Next, there’s the reference to a shared experience in the body, the text circles back from the most distant and invisible of relationships, to the most intimate and familial— “Let the marriage bed be held in honor by all.” All this love of brothers and sisters and strangers and far-away prisoners does not reduce one’s obligation to those closest or change those obligations. No other kind of love exempts us from the basics of cherishing those in our own household and maintaining the integrity of those relationships. After this exhortation is another word that contains “love,” but in this case it has the prefix that means “not”—literally, a “not-lover of silver,” is what the readers are exhorted to be. The opposite of being one in flesh with another is to focus your love, your life and your future on dead metal, on cash.  Chasing money will not take care of insecurity or of anxiety about it.

This is a simple summary of the Christian life, but Hebrews continues: “God has said, ‘I will never leave you or forsake you.’ So we can say with confidence, ‘The Lord is my helper; I will not be afraid. What can anyone do to me?’ “  So, when this text says, “Jesus Christ is the same, yesterday and today and forever,” it is this simple Christian life of love that it is referring to, living in generosity, with care for others, near and far, and with responsibility to one another, not looking for shortcuts through greed or self-indulgence.

Weekday lunch at the Church of the Holy Apostles, NYC

Weekday lunch at the Church of the Holy Apostles, NYC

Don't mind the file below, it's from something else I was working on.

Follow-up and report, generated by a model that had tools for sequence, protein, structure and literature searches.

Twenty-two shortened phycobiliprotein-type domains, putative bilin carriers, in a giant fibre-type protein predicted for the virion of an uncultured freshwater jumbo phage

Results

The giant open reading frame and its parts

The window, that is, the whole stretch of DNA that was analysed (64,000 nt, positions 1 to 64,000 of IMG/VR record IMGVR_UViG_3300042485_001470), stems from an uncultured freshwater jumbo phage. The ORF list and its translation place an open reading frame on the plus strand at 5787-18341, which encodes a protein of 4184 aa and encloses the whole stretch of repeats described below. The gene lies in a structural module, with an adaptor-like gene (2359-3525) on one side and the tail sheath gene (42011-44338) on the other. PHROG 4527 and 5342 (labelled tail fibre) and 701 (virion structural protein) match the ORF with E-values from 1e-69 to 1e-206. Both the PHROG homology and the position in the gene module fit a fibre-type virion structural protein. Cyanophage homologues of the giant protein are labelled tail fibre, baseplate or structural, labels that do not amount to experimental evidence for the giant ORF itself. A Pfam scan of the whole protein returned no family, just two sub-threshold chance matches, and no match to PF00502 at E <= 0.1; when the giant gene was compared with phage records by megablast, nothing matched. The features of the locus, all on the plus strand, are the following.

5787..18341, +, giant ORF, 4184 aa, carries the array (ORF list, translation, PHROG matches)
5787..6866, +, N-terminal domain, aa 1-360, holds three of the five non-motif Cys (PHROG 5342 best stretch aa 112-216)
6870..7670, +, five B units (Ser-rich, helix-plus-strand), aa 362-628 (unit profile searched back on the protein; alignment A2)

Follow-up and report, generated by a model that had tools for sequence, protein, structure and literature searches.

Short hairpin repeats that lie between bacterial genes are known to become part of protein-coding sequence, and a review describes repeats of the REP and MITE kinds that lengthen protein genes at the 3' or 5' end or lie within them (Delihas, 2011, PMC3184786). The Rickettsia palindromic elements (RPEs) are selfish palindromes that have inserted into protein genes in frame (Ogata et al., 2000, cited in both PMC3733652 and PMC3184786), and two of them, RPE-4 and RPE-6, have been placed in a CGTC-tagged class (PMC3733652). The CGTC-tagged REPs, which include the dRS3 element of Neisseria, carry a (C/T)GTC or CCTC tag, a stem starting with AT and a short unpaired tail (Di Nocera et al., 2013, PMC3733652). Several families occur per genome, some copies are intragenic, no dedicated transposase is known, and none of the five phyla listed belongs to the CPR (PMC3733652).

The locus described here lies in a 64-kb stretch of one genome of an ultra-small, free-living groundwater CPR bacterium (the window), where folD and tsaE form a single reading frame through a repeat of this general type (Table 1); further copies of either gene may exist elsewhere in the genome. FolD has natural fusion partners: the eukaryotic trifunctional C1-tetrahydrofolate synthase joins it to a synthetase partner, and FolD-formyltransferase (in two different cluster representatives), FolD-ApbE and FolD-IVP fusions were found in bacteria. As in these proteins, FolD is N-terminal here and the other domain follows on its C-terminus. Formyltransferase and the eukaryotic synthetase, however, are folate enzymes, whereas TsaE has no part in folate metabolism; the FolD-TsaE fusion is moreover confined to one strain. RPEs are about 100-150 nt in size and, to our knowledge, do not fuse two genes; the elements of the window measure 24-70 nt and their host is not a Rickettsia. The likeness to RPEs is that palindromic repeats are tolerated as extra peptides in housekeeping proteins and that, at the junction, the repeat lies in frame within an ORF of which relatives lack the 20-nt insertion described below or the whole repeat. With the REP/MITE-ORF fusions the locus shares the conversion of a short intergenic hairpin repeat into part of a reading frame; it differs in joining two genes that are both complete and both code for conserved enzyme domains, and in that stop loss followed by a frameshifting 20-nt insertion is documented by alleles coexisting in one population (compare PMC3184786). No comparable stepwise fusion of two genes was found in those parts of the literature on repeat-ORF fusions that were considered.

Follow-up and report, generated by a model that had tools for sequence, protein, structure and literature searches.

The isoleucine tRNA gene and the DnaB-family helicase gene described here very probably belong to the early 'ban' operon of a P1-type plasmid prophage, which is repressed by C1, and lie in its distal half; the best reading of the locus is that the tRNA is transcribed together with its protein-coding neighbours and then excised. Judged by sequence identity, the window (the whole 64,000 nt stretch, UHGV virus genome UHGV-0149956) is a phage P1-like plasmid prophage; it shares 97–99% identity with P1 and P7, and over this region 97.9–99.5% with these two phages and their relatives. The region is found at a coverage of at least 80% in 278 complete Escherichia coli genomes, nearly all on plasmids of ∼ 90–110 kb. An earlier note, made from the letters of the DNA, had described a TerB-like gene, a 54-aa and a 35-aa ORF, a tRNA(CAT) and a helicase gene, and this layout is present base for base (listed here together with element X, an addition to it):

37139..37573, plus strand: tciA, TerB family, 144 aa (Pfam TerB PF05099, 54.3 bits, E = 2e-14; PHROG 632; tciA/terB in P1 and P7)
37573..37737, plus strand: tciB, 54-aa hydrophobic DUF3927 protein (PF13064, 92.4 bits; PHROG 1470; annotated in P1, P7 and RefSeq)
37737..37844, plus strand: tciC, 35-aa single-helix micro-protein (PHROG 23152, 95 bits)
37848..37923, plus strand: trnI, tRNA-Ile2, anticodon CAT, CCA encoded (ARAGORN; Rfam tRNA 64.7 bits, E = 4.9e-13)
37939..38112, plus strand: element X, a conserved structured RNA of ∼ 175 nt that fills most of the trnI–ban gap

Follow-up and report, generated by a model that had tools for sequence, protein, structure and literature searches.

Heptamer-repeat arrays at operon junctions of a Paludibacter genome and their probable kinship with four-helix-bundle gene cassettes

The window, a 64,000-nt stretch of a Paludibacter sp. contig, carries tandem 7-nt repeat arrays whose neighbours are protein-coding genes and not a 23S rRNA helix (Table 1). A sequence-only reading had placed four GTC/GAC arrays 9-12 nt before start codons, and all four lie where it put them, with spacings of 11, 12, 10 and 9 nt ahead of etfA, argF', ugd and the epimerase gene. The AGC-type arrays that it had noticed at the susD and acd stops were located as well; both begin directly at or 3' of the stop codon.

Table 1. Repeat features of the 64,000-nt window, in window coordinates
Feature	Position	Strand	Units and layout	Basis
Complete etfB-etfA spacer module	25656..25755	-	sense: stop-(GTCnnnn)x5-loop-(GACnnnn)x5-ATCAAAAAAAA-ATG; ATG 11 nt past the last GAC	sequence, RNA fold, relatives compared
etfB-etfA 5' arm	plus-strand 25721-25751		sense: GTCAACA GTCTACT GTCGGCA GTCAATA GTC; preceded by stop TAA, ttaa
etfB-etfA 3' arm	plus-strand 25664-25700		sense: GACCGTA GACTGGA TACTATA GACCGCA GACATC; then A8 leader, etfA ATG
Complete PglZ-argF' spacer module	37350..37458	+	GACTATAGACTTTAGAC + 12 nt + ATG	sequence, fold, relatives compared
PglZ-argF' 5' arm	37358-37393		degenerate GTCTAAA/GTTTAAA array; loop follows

In the Gospel lesson today, Jesus has occasion to observe some people in a situation which they probably thought was hospitality. But rather than love of stranger, or even brotherly love, the gathering was quite the opposite: everyone was jockeying for power and prestige, looking for the best seats, which indicate proximity to power and would command high regard. And the host was a big part of this—the guest list was compiled with an eye to enhancing his prestige in the community and perhaps even enhance his wealth. Lives more akin to silver-lovers than stranger-brother-sister-lovers. And Jesus—who is the same, yesterday, today and forever—he gives them advice: “When you give a banquet, invite the poor, the crippled, the lame, and the blind. And you will be blessed.”

Lord of all power and might, the author and giver of all good things: Graft in our hearts the love of your Name; increase in us true religion; nourish us with all goodness; and bring forth in us the fruit of good works; through Jesus Christ our Lord. Amen